Commentary

The Liberal Arts in the Real World

August 05, 2016

Hamilton College
Hamilton College has set a new diversity requirement for its curriculum.

The addition of a "diversity requirement" to the curriculum at Hamilton College has gained considerable attention and prompted lively debate since it was announced in May. Starting in the fall of 2017, all students will be required to pass either a course or combination of courses that examine "structural and institutional hierarchies based on one or more of the social categories of race, class, gender, ethnicity, nationality, religion, sexuality, age, and abilities/disabilities" to complete their concentration, Hamilton’s equivalent of a major.

The change is especially noteworthy at Hamilton because of the absence of traditional distribution requirements: Besides the classes that students needed for their concentration, they’d had to take only three writing-intensive classes and a qualitative and symbolic reasoning course, all of which could be fulfilled in a variety of disciplines. If you never wanted to take math again, you didn’t have to, or if you just hated literature, you’d never again have had to set foot in the English department.

And yet, as a Hamilton student who has very much enjoyed the freedom from requirements and was drawn to the college because of that freedom, I think the new rule represents an important and potentially transformative change.

In ancient Greece, the liberal arts were intended to produce the ideal citizen: a person of intelligence, with sensible moral judgment and the ability to reason. Today the purpose of an education on that model is to create a well-rounded student who can relate diverse fields of study and connect apparently disparate thoughts and ideas. What could be more in line with that model than the goals of the new diversity course requirement?

We modern-day liberal-arts students have the potential to connect different ideas so that they can be applied in different contexts.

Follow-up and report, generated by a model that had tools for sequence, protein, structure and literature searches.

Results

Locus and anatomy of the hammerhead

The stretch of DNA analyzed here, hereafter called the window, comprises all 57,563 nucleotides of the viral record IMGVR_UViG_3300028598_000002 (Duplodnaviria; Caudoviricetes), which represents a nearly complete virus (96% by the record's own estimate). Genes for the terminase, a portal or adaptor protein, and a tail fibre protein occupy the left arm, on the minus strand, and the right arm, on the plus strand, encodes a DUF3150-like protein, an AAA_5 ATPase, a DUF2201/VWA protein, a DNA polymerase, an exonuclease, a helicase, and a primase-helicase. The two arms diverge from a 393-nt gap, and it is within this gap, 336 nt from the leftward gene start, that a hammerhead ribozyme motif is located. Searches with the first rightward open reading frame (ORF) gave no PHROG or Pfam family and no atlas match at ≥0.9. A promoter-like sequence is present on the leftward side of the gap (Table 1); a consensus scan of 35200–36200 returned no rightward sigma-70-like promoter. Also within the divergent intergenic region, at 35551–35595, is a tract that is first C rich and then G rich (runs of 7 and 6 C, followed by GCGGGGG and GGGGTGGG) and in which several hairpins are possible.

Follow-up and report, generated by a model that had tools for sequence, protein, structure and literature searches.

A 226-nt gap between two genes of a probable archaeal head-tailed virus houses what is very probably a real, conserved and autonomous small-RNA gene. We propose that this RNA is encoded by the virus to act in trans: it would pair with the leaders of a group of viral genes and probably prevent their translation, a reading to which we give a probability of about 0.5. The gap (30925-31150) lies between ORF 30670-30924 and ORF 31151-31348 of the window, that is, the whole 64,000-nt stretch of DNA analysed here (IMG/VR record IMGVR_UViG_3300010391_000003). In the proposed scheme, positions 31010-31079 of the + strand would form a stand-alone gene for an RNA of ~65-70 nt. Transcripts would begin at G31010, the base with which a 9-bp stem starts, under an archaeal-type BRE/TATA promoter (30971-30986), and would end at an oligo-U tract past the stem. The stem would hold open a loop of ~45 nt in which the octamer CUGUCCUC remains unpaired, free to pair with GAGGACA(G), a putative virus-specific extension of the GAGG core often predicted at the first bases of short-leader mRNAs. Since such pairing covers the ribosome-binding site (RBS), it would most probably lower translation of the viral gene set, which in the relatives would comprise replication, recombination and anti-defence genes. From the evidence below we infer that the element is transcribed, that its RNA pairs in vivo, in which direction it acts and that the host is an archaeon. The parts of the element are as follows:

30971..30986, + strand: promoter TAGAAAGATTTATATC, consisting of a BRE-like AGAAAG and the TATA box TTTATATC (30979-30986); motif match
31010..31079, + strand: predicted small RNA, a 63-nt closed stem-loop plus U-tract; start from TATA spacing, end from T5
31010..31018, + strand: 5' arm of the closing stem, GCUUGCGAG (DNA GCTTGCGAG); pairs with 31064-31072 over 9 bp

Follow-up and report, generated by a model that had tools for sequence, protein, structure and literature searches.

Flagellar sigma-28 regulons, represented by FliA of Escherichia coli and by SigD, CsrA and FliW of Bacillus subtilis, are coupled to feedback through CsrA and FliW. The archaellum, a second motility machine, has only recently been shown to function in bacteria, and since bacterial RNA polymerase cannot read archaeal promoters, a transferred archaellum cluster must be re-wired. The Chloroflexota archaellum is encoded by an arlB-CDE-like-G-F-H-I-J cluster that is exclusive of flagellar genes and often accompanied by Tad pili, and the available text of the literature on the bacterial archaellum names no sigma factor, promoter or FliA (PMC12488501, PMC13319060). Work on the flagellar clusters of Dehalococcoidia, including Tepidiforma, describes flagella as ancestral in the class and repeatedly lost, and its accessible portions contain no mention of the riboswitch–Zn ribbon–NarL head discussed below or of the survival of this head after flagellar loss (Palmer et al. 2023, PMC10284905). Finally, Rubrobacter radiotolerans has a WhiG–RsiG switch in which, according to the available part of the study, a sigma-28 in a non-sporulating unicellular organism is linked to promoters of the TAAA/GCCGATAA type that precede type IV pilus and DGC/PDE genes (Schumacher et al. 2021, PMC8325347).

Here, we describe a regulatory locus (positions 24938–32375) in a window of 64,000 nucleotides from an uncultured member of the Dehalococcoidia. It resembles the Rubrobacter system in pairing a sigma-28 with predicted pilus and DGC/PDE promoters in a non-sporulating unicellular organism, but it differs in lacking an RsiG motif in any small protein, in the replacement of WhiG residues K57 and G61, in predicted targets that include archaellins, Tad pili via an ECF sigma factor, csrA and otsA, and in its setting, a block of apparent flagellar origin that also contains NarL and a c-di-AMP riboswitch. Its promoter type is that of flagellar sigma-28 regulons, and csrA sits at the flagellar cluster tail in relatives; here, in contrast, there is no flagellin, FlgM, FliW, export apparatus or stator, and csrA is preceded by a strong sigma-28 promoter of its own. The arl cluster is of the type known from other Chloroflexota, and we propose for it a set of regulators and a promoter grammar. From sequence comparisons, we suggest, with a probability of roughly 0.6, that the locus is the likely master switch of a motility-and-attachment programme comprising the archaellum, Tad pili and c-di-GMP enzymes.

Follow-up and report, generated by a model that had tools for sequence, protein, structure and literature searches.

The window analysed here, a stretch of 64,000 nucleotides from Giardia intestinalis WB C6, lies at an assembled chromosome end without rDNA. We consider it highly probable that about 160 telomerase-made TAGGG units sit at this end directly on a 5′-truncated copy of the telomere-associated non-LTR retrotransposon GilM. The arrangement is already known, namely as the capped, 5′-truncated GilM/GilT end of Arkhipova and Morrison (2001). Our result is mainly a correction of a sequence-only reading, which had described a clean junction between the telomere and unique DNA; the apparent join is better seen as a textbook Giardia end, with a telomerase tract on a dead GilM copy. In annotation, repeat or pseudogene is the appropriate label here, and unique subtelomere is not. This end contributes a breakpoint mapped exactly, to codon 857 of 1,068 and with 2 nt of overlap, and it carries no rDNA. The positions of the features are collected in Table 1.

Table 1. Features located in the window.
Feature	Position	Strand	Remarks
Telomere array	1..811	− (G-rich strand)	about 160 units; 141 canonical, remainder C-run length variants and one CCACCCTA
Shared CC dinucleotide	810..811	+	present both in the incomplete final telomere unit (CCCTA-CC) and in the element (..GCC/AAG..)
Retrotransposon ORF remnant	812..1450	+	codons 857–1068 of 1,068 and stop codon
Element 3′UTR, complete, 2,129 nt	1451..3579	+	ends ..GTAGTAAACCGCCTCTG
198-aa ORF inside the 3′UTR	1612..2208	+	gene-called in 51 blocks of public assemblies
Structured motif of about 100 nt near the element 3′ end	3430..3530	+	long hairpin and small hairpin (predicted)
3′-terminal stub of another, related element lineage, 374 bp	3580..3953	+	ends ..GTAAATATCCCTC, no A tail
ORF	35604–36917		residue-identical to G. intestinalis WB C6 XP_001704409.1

At Hamilton, the lack of distribution requirements allows students to have more self-rule in choosing which classes to take. Theoretically, they should already be taking a range of classes within their concentration in order to become that well-rounded, ideal citizen whom the Greeks wanted their students to be.

We modern-day liberal-arts students are equipped with a variety of skills and experiences within our concentrations or majors (and, ideally, outside of them as well). We have the potential to connect different ideas so that they can be applied in different contexts.

Students in every concentration at Hamilton today, and at our peer liberal-arts institutions, can take classes that not only help us understand core disciplinary concepts but also understand how the material we are learning can be applied to seemingly unrelated situations in the larger community.

A student with a concentration in math, for example, can take a class that examines the statistical probability of social mobility of minorities. A physics major can explore how different ideologies and religions view topics like the creation of the universe. Every discipline can be connected to the goal of increased diversity at a college that recognizes its value.

In the fall of 2015, a student group calling itself The Movement sent Hamilton’s president a list of demands, including one that called for the curriculum to reflect "Hamilton’s mission statement to develop ‘students as human beings,’ as [Hamilton] prepare[s] them to make choices and accept the responsibilities of citizenship in a democratic world of intellect and diversity."

The group’s list went on to say, "Hamilton needs a curriculum that values the importance of understanding issues revolving around systematic power dynamics and inequities. We demand the creation of Diversity Intensive courses."

The new rule is a direct response to this demand, and the college’s administration should be praised for working to address the petitioners’ concerns. To its credit, the faculty passed the proposal for the new course requirement by a vote of 80 to 19.

Hamilton recognizes that the "ability to write clearly and effectively is a core goal of a liberal arts education"; hence the three writing-intensive classes. It also values "the ability to identify, understand and use quantitative arguments in everyday contexts," so a requirement for a course in quantitative and symbolic reasoning was instituted. Valuing diversity and requiring students to study race, class, or gender identity is no different. All of these requirements will allow us to better connect and communicate with more people, and to help us gain a larger understanding of our field of study.

If my fellow students and I don’t gain a greater appreciation of diversity in our classrooms, we certainly aren’t going to learn it in our beloved but tiny, homogeneous Clinton, N.Y. I believe it is Hamilton’s job to teach its students about the blend of all the beautifully unique groups of people and cultures in our state, our country, our world. This new requirement is a welcome step toward that goal.

Henry Shuldiner, a sophomore at Hamilton College, has spent this summer as an editing intern at The Chronicle.